from The American Heritage® Dictionary of the English Language, 4th Edition
- n. A family of North American Indian languages spoken by the Nootka and other peoples of Washington and British Columbia.
from Wiktionary, Creative Commons Attribution/Share-Alike License
- proper n. A family of languages spoken in Western Canada composed of the Northern and Southern Wakashan language groups.
from WordNet 3.0 Copyright 2006 by Princeton University. All rights reserved.
- n. a family of North American Indian languages of British Columbia and Washington
- n. a member of one of the peoples in British Columbia and Washington who speak the Wakashan language
The relationship of this family to the Wakashan is a very interesting problem.
A person I went to school with, Janna Underinner, is now working with one of the Oregon Coast reservations (it may be the Grand Ronde reservation) to make Chinook wawa their language (I'm a little fuzzy about the exact situation), so your short story would be good, but my impression is that Chinook Jargon is based on Nuuchanuulth which is Wakashan, not Salishan.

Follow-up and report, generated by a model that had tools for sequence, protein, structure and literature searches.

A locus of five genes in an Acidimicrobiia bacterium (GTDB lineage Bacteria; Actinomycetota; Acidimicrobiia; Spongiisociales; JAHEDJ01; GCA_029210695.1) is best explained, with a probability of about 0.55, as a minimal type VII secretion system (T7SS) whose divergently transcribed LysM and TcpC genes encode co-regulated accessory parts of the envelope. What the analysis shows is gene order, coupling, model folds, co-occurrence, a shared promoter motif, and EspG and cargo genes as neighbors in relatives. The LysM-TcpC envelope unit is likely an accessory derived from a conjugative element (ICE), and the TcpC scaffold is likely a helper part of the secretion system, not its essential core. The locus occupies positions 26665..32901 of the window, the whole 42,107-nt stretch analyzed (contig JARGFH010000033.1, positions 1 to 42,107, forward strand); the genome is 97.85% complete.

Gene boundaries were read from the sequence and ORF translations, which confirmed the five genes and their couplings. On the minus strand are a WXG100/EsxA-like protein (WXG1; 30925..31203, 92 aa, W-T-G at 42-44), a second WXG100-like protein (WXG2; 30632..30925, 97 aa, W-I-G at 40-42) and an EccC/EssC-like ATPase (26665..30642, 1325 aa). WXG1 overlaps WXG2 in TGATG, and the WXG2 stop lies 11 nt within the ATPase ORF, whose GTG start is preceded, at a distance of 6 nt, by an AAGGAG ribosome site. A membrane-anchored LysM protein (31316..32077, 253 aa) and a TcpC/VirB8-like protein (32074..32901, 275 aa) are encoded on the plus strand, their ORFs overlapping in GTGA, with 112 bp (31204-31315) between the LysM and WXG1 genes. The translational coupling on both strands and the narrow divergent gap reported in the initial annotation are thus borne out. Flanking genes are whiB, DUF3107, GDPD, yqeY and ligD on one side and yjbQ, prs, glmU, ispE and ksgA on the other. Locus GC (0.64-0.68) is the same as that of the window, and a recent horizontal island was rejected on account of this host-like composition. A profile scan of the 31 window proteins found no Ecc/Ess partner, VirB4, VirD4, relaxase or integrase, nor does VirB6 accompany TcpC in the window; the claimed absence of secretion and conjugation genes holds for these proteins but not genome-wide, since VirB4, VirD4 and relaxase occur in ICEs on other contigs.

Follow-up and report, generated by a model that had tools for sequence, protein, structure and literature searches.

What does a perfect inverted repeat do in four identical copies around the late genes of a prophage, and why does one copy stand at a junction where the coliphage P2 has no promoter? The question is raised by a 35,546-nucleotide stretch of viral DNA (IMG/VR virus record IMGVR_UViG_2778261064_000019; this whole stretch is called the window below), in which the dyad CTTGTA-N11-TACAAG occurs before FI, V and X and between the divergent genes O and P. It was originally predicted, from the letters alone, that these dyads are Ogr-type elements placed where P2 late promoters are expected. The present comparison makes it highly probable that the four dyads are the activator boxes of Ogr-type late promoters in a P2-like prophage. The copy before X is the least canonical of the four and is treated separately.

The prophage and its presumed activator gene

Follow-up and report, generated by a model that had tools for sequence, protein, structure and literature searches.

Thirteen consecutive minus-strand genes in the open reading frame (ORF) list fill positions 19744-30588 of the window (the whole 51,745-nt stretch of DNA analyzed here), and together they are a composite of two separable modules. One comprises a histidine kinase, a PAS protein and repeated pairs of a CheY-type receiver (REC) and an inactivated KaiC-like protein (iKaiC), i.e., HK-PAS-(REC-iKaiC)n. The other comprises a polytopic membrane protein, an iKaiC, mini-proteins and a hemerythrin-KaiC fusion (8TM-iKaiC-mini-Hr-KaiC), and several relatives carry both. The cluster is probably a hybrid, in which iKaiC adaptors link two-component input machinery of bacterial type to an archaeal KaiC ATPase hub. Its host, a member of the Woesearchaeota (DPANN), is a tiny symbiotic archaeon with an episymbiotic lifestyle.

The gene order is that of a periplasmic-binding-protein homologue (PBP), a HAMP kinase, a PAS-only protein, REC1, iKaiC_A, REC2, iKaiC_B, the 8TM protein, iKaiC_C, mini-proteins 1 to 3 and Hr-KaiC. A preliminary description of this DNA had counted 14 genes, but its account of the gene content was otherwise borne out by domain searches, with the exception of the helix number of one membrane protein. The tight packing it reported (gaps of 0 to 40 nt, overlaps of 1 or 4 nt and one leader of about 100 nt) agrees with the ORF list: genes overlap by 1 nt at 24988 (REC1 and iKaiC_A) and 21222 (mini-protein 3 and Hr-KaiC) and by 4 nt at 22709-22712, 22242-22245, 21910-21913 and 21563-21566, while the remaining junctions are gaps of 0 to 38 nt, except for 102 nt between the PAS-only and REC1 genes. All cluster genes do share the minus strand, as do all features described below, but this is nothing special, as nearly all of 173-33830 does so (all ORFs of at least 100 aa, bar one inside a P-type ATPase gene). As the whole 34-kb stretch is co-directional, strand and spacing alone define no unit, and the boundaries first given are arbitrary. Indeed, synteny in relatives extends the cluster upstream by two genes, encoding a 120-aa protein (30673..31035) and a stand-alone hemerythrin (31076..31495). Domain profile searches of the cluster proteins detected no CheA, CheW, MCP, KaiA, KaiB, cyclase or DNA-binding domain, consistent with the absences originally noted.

There are words from English and French, and from various NW languages (including Salish and Wakashan languages) but the largest single source appears to be Lower Chinook (Chinook Proper) of the Chinookan family.
Wakashan, at least, shares many of the typologically interesting features of Salishan.
They are divided into quite a large number of small separate groups -- the Wakashan or _N [¯u] tkas_ of
Tonkawe vocabulary collected by 82 on the Kitunahan family 85 distinguishes the Kusan as a distinct stock 89 on the habitat of the Yamasi 95 on the Taensa language 96 on the derivation of “Palaihnih” 97 on the Pima language 99 discovered radical affinity between Wakashan and
Wakashan researches 129 on the habitat of the Haeltzuk 130
Sproat, G. M., suggests Aht as name of Wakashan family 130
On the west, in British Columbia, the Athapascan tribes nowhere reach the coast, being cut off by the Wakashan, Salishan, and Chimmesyan families.
The neighborhood of Cape Flattery, Washington, is occupied by the Makah, one of the Wakashan tribes, who probably wrested this outpost of the family from the Salish (Clallam) who next adjoin them on Puget Sound.
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